All of these tubular shaped molds were made by gluing their pouring spout ends down to a surface and building a mold box around them. For most of them, I used cardboard tubes to make the mold walls since they were already the perfect shape! Some of the pieces were a little oblong, so I made boxes from foam sheets.

With the pieces all prepped I mixed up some Mold Star 15 silicone, degassed it in my vacuum chamber, and dumped it into the mold boxed. Piece of cake! Just a handful of simple, one-part dump molds like the one Frank made with Norm a while back.

When the silicone cured I popped the masters out and was ready to start casting pieces for the final gun prop!

What about molding the main body? That’s a story for the next installment of this project: matrix molding.

Comments (8)

8 thoughts on “Building a District 9 Alien Rifle Replica, Part 2

  1. good looking pieces there. 🙂

    i have a question regarding your lathing technique and material, though. it was hard to detect in the sped-up footage, but it looked like you were using a really high angle with what looked like a skew chisel. almost as if you were scraping away material instead of cutting it with a rubbing bevel. is that due to how the foam lathes or more of a process quirk you have? (or did i just misinterpret the whole thing?)

  2. As a longtime fan, this really is the perfect project for Bill, just up his alley 🙂 SciFiGunGuy!

  3. Out of curiosity, how are you removing your more complex parts (the ones with the undercuts) from the one piece moulds? It looks like that on a couple of them that you have spliced through one side of the mould wall, while the others are obviously just pulled out because of their simple shape.

    The part that intrigues me the most is the largest tube shape that you have there in your last photo. If you are simply doing a straight splice through the mould wall, that always worries me with the notion of misalignment of the register when you allow the mould to close back up… which is why I always cut the splice with an undulating (register locking) line. I take it that you are doing this as well.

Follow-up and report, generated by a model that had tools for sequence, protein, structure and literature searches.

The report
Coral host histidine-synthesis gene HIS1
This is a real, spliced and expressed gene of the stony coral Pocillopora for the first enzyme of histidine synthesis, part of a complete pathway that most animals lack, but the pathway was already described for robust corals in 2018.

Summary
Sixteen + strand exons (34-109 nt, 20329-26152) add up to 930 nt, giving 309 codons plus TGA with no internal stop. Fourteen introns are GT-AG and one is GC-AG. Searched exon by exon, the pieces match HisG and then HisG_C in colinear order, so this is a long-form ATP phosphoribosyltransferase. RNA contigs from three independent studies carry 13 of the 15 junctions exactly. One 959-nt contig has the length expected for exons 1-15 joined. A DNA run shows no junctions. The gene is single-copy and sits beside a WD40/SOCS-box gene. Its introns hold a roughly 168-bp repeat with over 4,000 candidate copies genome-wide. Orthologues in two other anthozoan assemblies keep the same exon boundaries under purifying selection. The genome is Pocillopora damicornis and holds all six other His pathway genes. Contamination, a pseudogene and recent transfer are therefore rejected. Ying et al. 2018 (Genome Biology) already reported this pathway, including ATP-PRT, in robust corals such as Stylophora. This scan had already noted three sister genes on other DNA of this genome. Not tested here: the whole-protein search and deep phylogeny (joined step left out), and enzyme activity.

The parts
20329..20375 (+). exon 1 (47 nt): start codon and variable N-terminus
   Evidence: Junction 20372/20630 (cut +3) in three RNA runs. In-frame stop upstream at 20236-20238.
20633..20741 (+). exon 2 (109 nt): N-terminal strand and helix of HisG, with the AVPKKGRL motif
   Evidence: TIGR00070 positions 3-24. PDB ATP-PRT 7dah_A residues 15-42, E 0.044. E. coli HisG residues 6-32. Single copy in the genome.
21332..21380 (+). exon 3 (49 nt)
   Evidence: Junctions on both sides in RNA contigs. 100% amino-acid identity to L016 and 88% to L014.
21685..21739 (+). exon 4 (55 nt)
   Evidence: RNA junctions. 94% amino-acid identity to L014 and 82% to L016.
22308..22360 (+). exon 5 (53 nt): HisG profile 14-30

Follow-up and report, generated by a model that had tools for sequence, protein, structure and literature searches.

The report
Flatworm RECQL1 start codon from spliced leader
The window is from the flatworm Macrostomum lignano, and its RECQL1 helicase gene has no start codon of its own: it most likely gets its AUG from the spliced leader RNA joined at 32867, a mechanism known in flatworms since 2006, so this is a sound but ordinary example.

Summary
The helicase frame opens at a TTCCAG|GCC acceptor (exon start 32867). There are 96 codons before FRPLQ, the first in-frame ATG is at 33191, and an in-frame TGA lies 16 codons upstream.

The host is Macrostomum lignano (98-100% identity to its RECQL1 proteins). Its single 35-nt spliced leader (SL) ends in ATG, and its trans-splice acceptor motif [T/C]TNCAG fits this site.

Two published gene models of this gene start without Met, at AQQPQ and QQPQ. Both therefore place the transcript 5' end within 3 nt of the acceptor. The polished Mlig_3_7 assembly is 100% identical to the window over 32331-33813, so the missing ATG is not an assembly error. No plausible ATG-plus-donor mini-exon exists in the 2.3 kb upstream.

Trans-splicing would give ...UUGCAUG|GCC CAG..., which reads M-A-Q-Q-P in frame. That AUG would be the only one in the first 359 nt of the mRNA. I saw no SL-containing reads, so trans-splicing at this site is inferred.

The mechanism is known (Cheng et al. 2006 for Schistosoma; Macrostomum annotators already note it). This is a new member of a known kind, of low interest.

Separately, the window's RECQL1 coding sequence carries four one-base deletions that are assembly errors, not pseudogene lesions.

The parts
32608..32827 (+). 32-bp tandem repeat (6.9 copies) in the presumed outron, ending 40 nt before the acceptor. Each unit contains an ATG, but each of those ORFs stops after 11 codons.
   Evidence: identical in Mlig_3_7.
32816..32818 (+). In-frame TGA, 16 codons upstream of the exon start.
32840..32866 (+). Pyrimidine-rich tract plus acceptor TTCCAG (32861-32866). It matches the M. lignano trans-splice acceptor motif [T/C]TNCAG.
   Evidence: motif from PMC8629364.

4. when i tried learning these kinds of cuts you were scraping, i wrecked so many pieces by having a chisel corner snag in the wood and tear a deep spiral gash all over the place. especially when your material doesn’t really benefit from being cut, scraping doesn’t sound like an unwise choice. 🙂

  5. I cut a seam in either side of the piece using this custom X-Acto blade that I made. It makes it so I can release the piece with it’s overhangs, but also creates a little bit of registration along the seam. Blade image here:

    For those who don’t want to, or can’t, take a blowtorch to an X-Acto blade, there is also a specialty tool to do this called a mold key knife. You can usually find them for around $20 if you search around.

  6. – Well there you are. I was wondering if this was what you were doing, as I sort of alluded to in my question. Thanks for the reply. I’m always keen to see how others approach their projects.